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High temps hinder peanut and corn crop growth | News

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High temps hinder peanut and corn crop growth
News


It's no secret this heat takes a toll on all of us.

But what about central Georgia's farmers?

Video journalist Hunter Joyce spoke with a Macon County man about how the high temperatures are affecting Georgia's cash crops.

"To me, a peanut plant is a beautiful plant. You know, in some parts of the world, they use peanuts as decoration," says Donald Chase, a farmer who's family has grown peanuts and corn in Macon County for the last 65 years.

"Believe it or not, the gnats don't bother me, and I enjoy being outside here and looking," says Chase. "And trying to make a crop do the best it can."

A job he says that has become significantly harder in this heat wave.

"You plan that whatever challenge your going to face next year might be different than the year you had before," Chase says with a smile.

The National Weather Service says central Georgia has been experiencing temperatures about 2.5 degrees higher than average this spring.

"Well, if it gets really hot underneath this canopy," chase points to the shaded soil below the peanut plant's leaves. "Then that bloom won't be able to send a peg down into the soil where the peanuts are going to grow. And so, that's the real challenge when it's this hot. That peg will not make a peanut. And that's always a worry."

A worry that extends to his corn crop.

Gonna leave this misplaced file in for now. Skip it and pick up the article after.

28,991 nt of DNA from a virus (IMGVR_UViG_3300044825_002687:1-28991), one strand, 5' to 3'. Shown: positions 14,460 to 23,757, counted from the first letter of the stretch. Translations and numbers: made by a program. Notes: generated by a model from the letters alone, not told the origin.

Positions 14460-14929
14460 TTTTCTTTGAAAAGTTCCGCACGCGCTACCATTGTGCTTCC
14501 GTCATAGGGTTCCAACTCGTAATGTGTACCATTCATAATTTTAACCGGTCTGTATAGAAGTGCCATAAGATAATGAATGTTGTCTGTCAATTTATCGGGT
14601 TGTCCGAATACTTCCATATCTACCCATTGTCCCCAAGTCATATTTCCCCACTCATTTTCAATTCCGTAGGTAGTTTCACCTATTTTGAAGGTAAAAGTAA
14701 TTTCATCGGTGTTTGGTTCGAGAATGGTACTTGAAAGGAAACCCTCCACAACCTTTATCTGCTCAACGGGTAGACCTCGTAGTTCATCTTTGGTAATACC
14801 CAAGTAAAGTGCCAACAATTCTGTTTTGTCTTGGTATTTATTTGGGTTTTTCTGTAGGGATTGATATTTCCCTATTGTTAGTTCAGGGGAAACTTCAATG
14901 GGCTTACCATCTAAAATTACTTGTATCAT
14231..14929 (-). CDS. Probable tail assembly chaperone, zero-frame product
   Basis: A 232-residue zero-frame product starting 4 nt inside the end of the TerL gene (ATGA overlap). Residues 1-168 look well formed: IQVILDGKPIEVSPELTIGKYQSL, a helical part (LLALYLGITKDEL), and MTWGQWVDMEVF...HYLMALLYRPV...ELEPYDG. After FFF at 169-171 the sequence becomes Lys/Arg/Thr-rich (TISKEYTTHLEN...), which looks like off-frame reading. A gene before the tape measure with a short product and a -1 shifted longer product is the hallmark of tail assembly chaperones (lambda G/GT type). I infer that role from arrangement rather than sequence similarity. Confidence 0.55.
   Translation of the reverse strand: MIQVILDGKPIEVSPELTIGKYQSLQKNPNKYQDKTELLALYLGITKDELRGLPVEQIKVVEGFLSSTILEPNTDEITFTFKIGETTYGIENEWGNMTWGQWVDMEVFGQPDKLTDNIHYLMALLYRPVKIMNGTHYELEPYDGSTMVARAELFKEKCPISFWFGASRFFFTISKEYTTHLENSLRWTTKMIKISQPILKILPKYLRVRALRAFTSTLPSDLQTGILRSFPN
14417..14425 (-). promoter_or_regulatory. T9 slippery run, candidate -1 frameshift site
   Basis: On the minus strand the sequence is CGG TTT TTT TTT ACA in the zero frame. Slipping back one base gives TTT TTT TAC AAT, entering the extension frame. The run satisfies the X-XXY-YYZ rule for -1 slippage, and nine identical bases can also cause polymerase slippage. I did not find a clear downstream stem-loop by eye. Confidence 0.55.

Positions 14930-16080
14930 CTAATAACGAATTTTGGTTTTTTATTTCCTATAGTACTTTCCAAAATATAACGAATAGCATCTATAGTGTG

"Corn really, really doesn't like the heat as much," says Chase.

His corn plants require additional watering to keep them cool.

"Each day when it's 99, 100 degrees, we're probably getting evaporation rates of 3/10 of an inch every day," he says.

He's thankful for his irrigation equipment, something not all Georgia farmers can afford.

"If these were dry land peanuts and you get no rain at all, it could be a total loss," says Chase. "We live and die by the weather, that's it."

That has Chase praying for some relief.

"As farmers, we never want to think about the worst case scenario, we're kind of optimistic creatures," he says with a grin. "But, we could see this weather pattern continue with the super hot days and then, you know, our yields are probably going to be down. That's just the bottom line."

Peanuts are resilient plants and there's still plenty of time for them to grow before the October harvest. Chase says Georgia planted large numbers of peanuts this year, so don't worry.

He says lower yields doesn't necessarily mean you'll have to shell out more to buy them.


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